Survey of Surgeons Confirms Hospital Confusion Over Medicare Rules on TKA Patients
A survey conducted by the American Association of Hip and Knee Surgeons (AAHKS) shows that nearly 60% of surgeon members report their hospitals are interpreting new Medicare rules differently than the Centers for Medicare & Medicaid Services (CMS) intended, possibly to the detriment of some patients.
In November 2017, CMS finalized the 2018 Medicare Outpatient Prospective Payment System rule that removed total knee arthroplasty (TKA) from the Medicare inpatient-only (IPO) list of procedures. At the time, CMS indicated that only a very small percentage of Medicare patients would be expected to undergo TKA as an outpatient. Studies have shown that careful patient selection is required for successful outpatient knee replacement surgery.
Instead, many hospitals, as documented by the AAHKS survey, are treating all Medicare beneficiaries as outpatients unless the surgeon seeks a special exception. “This may be creating unsafe conditions for patients,” according to a statement released by AAHKS in February. There are a variety of factors relating to a patient’s health and living circumstances that make inpatient surgery the only safe option, especially for the Medicare-aged patient.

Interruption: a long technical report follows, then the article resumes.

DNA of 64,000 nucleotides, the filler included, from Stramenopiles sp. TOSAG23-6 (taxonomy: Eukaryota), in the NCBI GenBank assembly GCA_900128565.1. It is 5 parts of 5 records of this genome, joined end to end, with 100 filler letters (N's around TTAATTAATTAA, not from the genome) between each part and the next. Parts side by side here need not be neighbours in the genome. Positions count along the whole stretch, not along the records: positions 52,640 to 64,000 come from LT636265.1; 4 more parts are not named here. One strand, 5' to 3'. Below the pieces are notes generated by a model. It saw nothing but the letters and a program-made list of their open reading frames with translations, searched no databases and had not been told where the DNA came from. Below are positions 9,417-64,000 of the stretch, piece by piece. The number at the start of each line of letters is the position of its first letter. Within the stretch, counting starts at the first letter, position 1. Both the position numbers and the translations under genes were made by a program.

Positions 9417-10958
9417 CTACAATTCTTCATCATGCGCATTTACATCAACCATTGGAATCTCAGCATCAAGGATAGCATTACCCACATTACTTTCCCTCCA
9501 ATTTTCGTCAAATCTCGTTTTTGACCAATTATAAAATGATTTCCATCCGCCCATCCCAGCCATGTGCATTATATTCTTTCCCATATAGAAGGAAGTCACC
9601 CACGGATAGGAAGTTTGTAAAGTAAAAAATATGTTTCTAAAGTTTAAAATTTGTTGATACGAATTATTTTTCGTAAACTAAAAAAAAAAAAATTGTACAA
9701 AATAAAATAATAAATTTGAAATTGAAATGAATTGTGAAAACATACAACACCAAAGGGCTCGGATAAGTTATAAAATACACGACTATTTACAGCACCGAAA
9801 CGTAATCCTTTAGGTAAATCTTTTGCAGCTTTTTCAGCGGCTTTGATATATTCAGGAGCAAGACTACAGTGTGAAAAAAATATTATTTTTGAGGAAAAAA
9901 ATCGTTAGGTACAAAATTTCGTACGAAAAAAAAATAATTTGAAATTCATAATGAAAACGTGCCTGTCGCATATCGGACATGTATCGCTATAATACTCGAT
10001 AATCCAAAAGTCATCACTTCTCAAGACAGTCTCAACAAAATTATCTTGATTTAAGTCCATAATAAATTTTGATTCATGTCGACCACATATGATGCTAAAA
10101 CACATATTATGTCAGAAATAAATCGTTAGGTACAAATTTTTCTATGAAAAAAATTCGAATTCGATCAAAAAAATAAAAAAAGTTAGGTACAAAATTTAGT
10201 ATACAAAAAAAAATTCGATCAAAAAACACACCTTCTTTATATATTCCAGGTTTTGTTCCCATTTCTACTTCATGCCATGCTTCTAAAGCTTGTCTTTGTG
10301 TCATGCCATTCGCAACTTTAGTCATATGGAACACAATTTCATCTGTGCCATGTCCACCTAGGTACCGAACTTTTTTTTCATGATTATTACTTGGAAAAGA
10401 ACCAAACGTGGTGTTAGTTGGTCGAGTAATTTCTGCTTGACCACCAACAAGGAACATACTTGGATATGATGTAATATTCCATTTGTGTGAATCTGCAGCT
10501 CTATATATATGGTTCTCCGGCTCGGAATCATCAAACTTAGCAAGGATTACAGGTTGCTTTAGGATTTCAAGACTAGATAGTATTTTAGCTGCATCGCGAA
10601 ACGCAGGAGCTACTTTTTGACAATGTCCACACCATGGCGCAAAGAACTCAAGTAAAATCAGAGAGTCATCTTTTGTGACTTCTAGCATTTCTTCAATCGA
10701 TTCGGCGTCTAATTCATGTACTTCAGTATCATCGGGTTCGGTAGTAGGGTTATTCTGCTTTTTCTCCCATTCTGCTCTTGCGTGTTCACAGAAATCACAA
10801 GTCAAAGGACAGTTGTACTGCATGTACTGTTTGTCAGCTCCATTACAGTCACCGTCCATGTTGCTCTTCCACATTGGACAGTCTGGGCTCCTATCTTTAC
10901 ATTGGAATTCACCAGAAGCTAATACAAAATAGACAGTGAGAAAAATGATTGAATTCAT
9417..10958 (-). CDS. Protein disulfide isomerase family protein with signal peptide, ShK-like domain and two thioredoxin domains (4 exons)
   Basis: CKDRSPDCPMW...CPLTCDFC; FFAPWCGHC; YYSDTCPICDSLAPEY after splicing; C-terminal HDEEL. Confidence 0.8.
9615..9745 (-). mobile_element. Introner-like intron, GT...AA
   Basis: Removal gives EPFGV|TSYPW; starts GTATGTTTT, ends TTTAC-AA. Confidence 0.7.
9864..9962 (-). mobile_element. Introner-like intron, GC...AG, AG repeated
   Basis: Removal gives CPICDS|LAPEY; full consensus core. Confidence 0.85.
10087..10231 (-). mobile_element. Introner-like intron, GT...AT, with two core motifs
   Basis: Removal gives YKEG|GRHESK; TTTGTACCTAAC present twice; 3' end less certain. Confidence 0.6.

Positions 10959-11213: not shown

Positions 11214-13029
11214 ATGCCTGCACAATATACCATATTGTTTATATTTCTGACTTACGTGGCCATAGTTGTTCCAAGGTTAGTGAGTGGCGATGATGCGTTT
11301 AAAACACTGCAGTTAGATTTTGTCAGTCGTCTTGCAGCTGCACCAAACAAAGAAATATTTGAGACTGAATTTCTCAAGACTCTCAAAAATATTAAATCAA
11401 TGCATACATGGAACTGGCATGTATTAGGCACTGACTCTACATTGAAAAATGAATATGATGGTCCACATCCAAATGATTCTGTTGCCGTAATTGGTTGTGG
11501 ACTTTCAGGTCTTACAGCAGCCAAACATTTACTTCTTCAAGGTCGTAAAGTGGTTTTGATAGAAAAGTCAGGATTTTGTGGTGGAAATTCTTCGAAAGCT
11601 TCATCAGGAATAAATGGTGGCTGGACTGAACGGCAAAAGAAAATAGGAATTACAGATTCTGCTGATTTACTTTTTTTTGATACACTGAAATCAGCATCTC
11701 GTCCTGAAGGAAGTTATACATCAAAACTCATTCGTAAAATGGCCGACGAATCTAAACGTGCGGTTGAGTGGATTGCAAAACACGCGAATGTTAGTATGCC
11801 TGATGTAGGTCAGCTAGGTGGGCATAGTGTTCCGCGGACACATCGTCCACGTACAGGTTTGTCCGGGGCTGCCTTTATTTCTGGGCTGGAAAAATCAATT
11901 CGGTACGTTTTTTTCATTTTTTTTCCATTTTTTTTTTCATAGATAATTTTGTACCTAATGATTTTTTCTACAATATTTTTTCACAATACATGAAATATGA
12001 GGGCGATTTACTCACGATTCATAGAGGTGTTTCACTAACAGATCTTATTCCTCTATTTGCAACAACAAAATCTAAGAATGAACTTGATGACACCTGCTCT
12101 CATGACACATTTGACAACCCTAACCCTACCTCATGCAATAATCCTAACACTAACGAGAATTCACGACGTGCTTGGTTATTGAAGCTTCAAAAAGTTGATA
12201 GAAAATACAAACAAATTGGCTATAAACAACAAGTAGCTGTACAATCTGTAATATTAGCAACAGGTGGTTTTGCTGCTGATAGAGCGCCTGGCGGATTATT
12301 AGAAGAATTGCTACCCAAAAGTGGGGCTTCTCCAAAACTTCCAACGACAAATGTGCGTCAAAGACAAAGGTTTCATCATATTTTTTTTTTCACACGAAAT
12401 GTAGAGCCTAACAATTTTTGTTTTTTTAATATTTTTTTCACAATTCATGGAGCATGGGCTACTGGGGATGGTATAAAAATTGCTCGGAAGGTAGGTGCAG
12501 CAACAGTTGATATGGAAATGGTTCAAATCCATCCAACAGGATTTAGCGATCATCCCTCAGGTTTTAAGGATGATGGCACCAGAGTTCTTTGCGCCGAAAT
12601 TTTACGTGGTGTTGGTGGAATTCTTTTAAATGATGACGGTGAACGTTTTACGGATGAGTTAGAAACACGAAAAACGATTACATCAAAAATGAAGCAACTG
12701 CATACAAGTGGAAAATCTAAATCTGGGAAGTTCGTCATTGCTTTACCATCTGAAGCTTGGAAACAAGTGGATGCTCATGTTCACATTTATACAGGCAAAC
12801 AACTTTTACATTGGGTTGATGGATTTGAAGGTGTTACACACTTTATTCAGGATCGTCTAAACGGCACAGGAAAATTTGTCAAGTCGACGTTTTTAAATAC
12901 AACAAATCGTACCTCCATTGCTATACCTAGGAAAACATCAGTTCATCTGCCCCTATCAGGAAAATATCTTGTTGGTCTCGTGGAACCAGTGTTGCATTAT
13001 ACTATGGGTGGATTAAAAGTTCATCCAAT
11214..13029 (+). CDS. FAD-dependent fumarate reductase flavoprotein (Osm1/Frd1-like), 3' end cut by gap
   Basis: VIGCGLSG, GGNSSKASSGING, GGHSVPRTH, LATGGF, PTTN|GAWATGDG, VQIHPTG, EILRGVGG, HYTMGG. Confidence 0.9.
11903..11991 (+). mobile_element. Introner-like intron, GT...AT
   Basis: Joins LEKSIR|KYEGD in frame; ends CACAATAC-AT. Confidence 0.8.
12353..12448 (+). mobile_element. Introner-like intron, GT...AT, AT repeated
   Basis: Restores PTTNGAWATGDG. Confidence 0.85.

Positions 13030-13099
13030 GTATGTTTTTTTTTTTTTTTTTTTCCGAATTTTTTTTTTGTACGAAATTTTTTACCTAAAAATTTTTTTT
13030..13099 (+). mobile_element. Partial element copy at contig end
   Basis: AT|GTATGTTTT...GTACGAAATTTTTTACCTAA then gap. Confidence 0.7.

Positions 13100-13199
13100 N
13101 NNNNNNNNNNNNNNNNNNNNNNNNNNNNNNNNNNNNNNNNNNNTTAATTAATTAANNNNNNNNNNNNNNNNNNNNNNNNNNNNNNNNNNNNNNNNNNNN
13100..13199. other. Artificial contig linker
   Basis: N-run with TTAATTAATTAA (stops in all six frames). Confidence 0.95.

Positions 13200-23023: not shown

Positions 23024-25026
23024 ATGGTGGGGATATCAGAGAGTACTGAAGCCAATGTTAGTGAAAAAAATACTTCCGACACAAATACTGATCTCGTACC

Another unintended consequence of the rule change is the application of the so-called “2-midnight rule” created by CMS to address overutilization of hospital services in other areas of medicine. In this scenario, a TKA patient who is well enough to be discharged from the hospital after a single overnight stay (less than 2 midnights) is retroactively classified as an outpatient. This affects the patient’s co-pay responsibilities as well as the ancillary services that are covered by Medicare.
“As surgeons we always seek to improve efficiency and quality, but the safety of our patients is foremost. We hope this confusion can be remedied soon to avoid patient harm,” said AAHKS President Craig J. Della Valle, MD.
Although the surgeon’s fee is not affected by the new rule, 76% of surgeons report the situation is imposing an administrative burden in their practice. Most importantly, as one respondent wrote, “It doesn’t help to provide better care of our patients.”
Yates AJ, Kerr JM, Froimson MI, Della Valle CJ, Huddleston JI. The unintended impact of the removal of total knee arthroplasty from the Center for Medicare and Medicaid Services inpatient-only list. J Arthroplasty. 2018 Sep 21. pii: S0883-5403(18)30824-6. doi: 10.1016/j.arth.2018.09.043. [Epub ahead of print]